Are Farms Fading? These Organizations Are Keeping Them Alive

The world’s population continues to grow. There’s an increased demand for food. Yet fewer farm-grown individuals are returning to dairy farms to carry on the family tradition.

Fortunately, through new sustainable practices, the latest technology, and programs like the U.S. Dairy Education and Training Consortium (USDETC), many dairy farmers are working to combat the hurdles aspiring farmers face, while encouraging the next generation of sustainable dairy farmers.

Higher Education

As universities in the southwestern U.S. reduce or eliminate their dairy programs, USDETC thrives by answering a direct need for skilled agricultural professionals who are knowledgeable of current dairy farm trends and opportunities. In the past decade, USDETC trained more than 400 students from 44 universities in the intensive six-week program, with 67 percent of those graduates now employed on a dairy or working in dairy-related fields. Recently, the USDETC was awarded an honorable mention by the Dairy Sustainability Alliance for those efforts.

Youth Organizations

Before the next generation even reaches college, they can benefit from many programs, such as FFA and 4-H, which encourage interest in agriculture in youth. By teaching youth about the agricultural industry, animal husbandry and leadership skills, these organizations directly support the growth and continuation of America’s farms. They also provide students with the resources and connections they need to be successful farmers as they grow up.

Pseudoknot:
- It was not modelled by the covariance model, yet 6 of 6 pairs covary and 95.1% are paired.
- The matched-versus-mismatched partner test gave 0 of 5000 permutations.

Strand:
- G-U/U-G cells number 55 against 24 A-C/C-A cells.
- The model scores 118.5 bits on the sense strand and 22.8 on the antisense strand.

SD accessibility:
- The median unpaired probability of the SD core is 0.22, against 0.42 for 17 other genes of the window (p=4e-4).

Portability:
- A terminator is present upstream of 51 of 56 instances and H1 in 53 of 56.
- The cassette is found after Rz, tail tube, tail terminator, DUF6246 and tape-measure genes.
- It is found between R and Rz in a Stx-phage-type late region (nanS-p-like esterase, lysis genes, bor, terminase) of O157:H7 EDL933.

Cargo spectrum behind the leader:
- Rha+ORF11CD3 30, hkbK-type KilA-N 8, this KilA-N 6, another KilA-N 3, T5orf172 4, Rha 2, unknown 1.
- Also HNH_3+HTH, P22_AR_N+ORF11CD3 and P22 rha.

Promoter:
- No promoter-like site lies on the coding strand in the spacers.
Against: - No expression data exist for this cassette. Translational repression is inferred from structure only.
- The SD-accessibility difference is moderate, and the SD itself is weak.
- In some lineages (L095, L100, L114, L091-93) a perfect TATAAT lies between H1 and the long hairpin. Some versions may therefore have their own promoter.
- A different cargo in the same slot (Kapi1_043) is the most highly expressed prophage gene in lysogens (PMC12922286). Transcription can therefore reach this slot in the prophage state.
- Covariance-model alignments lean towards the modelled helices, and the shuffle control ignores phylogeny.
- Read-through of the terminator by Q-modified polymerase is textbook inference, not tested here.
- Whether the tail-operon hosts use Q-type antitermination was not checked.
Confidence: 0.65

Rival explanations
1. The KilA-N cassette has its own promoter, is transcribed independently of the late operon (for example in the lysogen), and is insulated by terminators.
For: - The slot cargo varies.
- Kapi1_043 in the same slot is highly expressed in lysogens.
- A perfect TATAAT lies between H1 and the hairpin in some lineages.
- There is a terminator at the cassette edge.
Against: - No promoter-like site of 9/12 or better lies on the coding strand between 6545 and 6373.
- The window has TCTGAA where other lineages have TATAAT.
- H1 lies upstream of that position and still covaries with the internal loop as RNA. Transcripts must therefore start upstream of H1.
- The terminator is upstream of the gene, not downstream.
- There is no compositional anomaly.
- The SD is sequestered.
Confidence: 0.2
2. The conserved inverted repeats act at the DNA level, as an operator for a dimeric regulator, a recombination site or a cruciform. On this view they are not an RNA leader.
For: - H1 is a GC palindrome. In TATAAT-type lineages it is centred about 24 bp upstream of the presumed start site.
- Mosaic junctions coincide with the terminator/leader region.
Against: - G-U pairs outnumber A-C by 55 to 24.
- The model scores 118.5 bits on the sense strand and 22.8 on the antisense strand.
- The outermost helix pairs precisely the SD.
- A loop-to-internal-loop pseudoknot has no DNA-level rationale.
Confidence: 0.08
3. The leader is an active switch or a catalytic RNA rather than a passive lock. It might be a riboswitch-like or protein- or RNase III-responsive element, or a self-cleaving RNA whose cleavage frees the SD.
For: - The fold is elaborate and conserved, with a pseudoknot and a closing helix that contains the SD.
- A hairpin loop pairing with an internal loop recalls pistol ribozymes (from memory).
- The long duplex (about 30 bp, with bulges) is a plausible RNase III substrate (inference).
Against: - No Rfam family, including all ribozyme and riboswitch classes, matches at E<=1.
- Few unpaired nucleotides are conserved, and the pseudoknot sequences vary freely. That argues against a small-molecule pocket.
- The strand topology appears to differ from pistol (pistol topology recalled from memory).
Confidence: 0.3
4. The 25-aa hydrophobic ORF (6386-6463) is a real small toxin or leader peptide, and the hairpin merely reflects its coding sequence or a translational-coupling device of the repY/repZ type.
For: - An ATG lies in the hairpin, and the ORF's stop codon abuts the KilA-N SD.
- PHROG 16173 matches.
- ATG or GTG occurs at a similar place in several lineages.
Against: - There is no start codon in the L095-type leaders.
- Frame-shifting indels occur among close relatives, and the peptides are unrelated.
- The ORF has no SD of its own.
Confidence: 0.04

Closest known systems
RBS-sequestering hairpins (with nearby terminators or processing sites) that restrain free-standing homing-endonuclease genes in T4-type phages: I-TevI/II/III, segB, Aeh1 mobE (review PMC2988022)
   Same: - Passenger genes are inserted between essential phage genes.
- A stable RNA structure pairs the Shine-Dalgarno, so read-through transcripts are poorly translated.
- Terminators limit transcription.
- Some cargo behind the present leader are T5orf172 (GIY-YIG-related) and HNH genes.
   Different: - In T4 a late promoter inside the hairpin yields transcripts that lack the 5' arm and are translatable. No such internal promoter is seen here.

By encouraging a love of agriculture in today’s youth and helping them stay involved in the field, these organizations ensure that we’ll be drinking dairy for decades to come.

By Susan Allen

Susan grew up on a farm in northwest Oklahoma and has over 30 years of experience working in agriculture. She has been part of the Dairy MAX team since 2007 and has worked with schools, health and wellness professionals and farmers. When she's not working, Susan is usually helping one of her kids with a 4-H project. Learn more about Susan

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